During organ development, tubular organs often form from flat epithelial primordia. In the placodes of the forming tubes of the salivary glands in the Drosophila embryo, we previously identified spatially defined cell behaviours of cell wedging, tilting and cell intercalation that are key to the initial stages of tube formation. Here we address what the requirements are that ensure the continuous formation of a narrow symmetrical tube from an initially asymmetrical primordium whilst overall tissue geometry is constantly changing. We are using live-imaging and quantitative methods to compare wild-type placodes and mutants that either show disrupted cell behaviours or an initial symmetrical placode organisation, with both resulting in severe impairment of the invagination. We find that early transcriptional patterning of key morphogenetic transcription factors drives the selective activation of downstream morphogenetic modules, such as GPCR signalling that activates apical-medial actomyosin activity to drive cell wedging at the future asymmetrically-placed invagination point. Over time, transcription of key factors expands across the rest of the placode and cells switch their behaviour from predominantly intercalating to predominantly apically constricting as their position approaches the invagination pit. Misplacement or enlargement of the initial invagination pit leads to early problems in cell behaviours that eventually result in a defective organ shape. Our work illustrates that the dynamic patterning of the expression of transcription factors and downstream morphogenetic effectors ensures positionally fixed areas of cell behaviour with regards to the invagination point. This patterning in combination with the asymmetric geometrical set-up ensures functional organ formation.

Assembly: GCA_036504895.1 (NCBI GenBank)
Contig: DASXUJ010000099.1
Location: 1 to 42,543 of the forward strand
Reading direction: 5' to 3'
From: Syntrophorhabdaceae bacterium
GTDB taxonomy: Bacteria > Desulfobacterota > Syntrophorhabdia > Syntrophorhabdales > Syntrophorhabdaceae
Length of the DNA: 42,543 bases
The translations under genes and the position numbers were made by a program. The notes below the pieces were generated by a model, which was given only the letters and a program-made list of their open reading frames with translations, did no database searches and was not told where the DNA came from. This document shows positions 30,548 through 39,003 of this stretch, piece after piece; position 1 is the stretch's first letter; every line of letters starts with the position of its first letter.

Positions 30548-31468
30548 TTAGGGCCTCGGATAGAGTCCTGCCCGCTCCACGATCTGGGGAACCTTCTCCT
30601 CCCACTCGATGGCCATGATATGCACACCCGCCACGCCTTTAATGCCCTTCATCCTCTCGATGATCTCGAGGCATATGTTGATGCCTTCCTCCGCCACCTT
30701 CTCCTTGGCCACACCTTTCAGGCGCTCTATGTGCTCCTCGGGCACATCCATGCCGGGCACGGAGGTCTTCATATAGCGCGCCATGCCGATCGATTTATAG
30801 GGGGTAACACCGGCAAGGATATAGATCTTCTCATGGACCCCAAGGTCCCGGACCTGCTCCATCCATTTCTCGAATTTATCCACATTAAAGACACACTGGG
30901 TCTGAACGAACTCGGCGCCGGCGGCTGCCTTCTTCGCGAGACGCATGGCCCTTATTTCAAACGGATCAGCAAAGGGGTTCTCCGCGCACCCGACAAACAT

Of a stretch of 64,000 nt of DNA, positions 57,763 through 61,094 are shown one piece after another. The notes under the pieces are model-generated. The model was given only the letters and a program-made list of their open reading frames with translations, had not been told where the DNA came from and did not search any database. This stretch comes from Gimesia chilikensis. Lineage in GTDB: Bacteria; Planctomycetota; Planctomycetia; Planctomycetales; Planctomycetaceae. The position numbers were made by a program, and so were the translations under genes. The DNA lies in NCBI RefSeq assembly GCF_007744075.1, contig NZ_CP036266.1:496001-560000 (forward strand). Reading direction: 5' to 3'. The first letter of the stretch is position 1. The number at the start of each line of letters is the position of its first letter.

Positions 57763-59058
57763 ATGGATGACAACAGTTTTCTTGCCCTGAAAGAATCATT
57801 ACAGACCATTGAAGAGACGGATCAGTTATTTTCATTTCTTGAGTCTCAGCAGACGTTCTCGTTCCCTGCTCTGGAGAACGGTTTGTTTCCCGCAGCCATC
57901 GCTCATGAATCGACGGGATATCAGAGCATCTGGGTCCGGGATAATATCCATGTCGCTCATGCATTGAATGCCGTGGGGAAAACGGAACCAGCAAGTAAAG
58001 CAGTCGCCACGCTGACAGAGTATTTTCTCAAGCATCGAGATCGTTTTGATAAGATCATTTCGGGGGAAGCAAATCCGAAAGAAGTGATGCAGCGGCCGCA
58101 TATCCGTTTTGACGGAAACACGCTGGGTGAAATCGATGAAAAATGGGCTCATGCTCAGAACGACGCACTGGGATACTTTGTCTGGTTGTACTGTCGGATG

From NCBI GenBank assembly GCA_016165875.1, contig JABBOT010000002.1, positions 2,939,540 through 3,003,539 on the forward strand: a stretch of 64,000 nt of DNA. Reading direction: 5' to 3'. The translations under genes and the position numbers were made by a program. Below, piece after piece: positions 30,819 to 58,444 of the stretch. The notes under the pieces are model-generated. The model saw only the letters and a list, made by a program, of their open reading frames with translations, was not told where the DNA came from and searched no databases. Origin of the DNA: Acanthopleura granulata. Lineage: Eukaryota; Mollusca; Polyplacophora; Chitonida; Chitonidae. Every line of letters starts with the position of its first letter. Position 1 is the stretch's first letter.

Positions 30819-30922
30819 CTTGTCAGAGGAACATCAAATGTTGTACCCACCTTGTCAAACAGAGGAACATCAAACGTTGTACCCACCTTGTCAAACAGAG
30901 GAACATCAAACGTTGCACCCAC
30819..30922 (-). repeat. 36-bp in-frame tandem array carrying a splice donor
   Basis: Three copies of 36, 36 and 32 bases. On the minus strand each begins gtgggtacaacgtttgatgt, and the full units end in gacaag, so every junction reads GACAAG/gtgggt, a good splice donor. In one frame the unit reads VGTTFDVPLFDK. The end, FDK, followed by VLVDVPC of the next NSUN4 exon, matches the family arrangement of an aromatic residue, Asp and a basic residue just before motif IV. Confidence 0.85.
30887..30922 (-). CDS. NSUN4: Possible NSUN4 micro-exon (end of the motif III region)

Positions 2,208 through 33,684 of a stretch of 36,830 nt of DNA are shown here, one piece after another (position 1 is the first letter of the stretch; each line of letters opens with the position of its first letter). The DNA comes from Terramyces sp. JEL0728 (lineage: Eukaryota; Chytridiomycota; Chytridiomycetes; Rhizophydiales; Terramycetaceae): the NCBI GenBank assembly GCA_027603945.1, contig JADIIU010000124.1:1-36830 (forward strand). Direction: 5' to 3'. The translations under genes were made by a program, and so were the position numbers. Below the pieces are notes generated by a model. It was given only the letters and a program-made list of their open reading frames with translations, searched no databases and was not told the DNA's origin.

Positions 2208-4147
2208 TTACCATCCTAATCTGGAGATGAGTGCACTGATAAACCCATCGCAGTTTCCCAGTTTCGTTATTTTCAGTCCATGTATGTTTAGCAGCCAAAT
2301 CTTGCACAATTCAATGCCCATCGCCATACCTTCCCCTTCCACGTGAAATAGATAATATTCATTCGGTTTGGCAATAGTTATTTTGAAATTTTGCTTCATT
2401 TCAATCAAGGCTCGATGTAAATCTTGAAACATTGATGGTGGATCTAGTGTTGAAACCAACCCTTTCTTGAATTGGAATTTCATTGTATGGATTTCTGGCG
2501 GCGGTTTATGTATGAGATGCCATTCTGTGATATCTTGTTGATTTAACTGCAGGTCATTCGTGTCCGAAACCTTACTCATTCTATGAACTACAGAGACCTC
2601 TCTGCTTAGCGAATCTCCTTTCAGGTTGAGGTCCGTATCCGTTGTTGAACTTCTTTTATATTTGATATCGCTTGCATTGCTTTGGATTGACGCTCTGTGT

All data generated and analysed in the manuscript are included in the manuscript and supporting files.
- Yara Sanchez-Corrales
- Katja Röper
- Guy B Blanchard
The funders had no role in study design, data collection and interpretation, or the decision to submit the work for publication.
- Danelle Devenport, Princeton University, United States
© 2021, Sanchez-Corrales et al.
This article is distributed under the terms of the Creative Commons Attribution License permitting unrestricted use and redistribution provided that the original author and source are credited.
Different organelles traveling through neurons exhibit distinct properties in vitro, but this has not been investigated in the intact mammalian brain. We established simultaneous dual color two-photon microscopy to visualize the trafficking of Neuropeptide Y (NPY)-, LAMP1-, and RAB7-tagged organelles in thalamocortical axons imaged in mouse cortex in vivo. This revealed that LAMP1- and RAB7-tagged organelles move significantly faster than NPY-tagged organelles in both anterograde and retrograde direction. NPY traveled more selectively in anterograde direction than LAMP1 and RAB7. By using a synapse marker and a calcium sensor, we further investigated the transport dynamics of NPY-tagged organelles. We found that these organelles slow down and pause at synapses. In contrast to previous in vitro studies, a significant increase of transport speed was observed after spontaneous activity and elevated calcium levels in vivo as well as electrically stimulated activity in acute brain slices. Together, we show a remarkable diversity in speeds and properties of three axonal organelle marker in vivo that differ from properties previously observed in vitro.
Unbiased genetic screens implicated a number of uncharacterized genes in hearing loss, suggesting some biological processes required for auditory function remain unexplored. Loss of Kiaa1024L/Minar2, a previously understudied gene, caused deafness in mice, but how it functioned in the hearing was unclear. Here, we show that disruption of kiaa1024L/minar2 causes hearing loss in the zebrafish. Defects in mechanotransduction, longer and thinner hair bundles, and enlarged apical lysosomes in hair cells are observed in the kiaa1024L/minar2 mutant. In cultured cells, Kiaa1024L/Minar2 is mainly localized to lysosomes, and its overexpression recruits cholesterol and increases cholesterol labeling. Strikingly, cholesterol is highly enriched in the hair bundle membrane, and loss of kiaa1024L/minar2 reduces cholesterol localization to the hair bundles. Lowering cholesterol levels aggravates, while increasing cholesterol levels rescues the hair cell defects in the kiaa1024L/minar2 mutant. Therefore, cholesterol plays an essential role in hair bundles, and Kiaa1024L/Minar2 regulates cholesterol distribution and homeostasis to ensure normal hearing.